A kahuna o maka is a person who has mastered the art of listening to the rhythms orchestrated in nature, of watching how the stars, land, and living organisms work in synergistic patterns, and most importantly, of understanding the importance of how all elements come together to create sustainability to support life.
On a recent cultural excursion, Ho’omana Lomi Ohana sponsored Kumu Mike Lee, a modern Kahuna o maka and cultural practitioner to come to Maui to share his mana’o (thoughts). He took our students to two sacred Maui pools sharing the cultural significance of these brackish pools as being the pools of life and death.
Babies would be birthed and cleansed in these sacred waters. As he shared about a white mo’o or lizard goddess who is the keeper of the freshwater springs that feed this pool, he was visibly troubled at the fact that not one of the seven springs nourishing the pool was flowing. He brought with him a ho’okupu (offering) of Awa and a Ti leaf wrapped offering of limu kala (seaweed of forgiveness). He called upon his ancestors, honoring the mo’o goddess and ancestors of the area, to restore the spring and allow life-giving water to flow into the area once more.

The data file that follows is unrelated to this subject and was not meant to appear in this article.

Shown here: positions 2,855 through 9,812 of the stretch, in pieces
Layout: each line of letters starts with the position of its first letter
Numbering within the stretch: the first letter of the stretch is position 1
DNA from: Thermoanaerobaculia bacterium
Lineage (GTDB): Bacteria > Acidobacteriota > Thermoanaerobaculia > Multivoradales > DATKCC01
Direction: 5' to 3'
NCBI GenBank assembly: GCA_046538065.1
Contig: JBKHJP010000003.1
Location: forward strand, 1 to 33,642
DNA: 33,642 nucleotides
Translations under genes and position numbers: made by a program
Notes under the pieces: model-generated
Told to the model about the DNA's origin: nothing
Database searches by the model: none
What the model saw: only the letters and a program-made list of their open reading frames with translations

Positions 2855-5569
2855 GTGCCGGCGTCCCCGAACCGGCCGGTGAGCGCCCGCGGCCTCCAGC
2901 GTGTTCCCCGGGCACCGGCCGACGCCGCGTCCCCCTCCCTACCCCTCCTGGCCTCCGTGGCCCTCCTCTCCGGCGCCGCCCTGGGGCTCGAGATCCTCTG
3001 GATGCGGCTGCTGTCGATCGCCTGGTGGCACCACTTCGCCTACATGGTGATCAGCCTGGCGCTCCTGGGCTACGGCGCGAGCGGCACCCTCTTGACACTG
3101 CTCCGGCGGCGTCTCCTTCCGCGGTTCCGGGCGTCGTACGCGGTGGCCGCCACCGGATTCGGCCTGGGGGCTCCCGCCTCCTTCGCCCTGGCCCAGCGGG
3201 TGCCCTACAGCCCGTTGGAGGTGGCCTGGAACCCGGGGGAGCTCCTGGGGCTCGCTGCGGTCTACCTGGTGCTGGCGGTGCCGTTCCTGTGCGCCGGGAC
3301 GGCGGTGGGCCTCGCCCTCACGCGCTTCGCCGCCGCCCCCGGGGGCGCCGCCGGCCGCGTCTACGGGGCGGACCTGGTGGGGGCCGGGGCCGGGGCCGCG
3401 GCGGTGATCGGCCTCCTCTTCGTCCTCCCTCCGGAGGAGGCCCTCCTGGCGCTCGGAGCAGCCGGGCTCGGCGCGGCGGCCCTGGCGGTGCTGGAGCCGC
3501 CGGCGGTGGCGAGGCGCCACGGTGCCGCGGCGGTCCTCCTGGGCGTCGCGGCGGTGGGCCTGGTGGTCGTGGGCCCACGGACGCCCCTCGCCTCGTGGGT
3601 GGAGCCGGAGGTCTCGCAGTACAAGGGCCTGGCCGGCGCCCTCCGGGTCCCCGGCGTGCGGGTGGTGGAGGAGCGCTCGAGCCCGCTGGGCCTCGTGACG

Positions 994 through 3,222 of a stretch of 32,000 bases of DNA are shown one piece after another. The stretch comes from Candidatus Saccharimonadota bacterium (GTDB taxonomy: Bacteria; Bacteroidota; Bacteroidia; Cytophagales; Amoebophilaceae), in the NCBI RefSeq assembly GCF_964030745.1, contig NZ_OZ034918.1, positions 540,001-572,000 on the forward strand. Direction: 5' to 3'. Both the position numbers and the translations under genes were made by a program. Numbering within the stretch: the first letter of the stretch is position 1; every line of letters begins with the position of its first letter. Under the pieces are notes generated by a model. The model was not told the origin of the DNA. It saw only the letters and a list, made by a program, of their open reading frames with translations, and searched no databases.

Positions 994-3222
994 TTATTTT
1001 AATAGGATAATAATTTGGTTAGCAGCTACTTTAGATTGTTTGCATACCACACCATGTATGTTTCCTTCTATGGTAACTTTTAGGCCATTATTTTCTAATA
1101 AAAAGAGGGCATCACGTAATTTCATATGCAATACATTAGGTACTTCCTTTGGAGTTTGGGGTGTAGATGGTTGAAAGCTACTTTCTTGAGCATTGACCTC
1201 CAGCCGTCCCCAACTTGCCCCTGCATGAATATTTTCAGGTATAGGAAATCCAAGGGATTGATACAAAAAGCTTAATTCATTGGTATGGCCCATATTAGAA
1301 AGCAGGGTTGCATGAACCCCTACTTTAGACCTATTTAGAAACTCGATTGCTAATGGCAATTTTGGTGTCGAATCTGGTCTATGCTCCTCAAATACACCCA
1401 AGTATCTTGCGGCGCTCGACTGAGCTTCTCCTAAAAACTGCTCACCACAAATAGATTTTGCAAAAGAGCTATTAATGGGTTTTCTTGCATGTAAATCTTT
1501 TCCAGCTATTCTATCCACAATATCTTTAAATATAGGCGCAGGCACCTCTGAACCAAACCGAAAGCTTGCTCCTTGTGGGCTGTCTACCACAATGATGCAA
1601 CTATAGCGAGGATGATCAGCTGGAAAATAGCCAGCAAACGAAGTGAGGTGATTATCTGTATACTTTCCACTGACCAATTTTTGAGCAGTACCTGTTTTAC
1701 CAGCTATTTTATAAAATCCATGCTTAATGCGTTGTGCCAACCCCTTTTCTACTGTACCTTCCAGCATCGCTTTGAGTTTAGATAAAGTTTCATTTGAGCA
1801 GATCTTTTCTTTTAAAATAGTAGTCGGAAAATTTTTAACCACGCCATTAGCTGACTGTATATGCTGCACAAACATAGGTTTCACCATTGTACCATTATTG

A short distance away was the pool of death. In contrast, this pool was dark as night with the heavens and forests of trees shimmering in it’s reflection. Kumu shared that this pool was a portal where those that had reached the end of their life would go to take the leap into Po- “the realm of spirits” where the aumakua –family spirits awaited them.
After a short talk-story, we returned to the original pool and to our amazement the main spring was gushing forth with fresh water. Within the course of 15 minutes, one by one each of the seven springs began flowing.
The wisdom of our ancestors is alive and well and in the islands, all we need to do is watch, listen, understand, and flow in our life’s journey respecting and protecting nature as a support for all life forms.
We cannot fail to respect and then take action towards preservation of our precious wai. If we do not begin now, we stand to lose their natural splendor, cultural value and spiritual significance provided for generations.
To learn more about these pools select https://hoomanaspamaui.com/blog/.
5 thoughts on “A Lesson on Wai at Maui Sacred Pools”
i am so glad i had the opportunity to share knowledge and sacred space with uncle and everyone else. i wish i could be there for his return!!!
We had the opportunity to go on another cultural gathering with Uncle Mike where he opened the spring into Honolua bay. It was amazing!!! La’au went with us and is in training to take his seat in this kind of work too.
How wonderful! I am so glad you are doing such important work, and I rejoice that the water began to flow. I hope it continues.
You are a treasure! Thank you for inviting me to the May Day hula at Kula sands. I loved the Nene Nene and beautiful plumeria lei which spread it’s intoxicating aroma in my home for days!
Sending all of my aloha, Kitty! I’m so glad that you enjoyed the May Day at Kula Sands. It was truly a special event.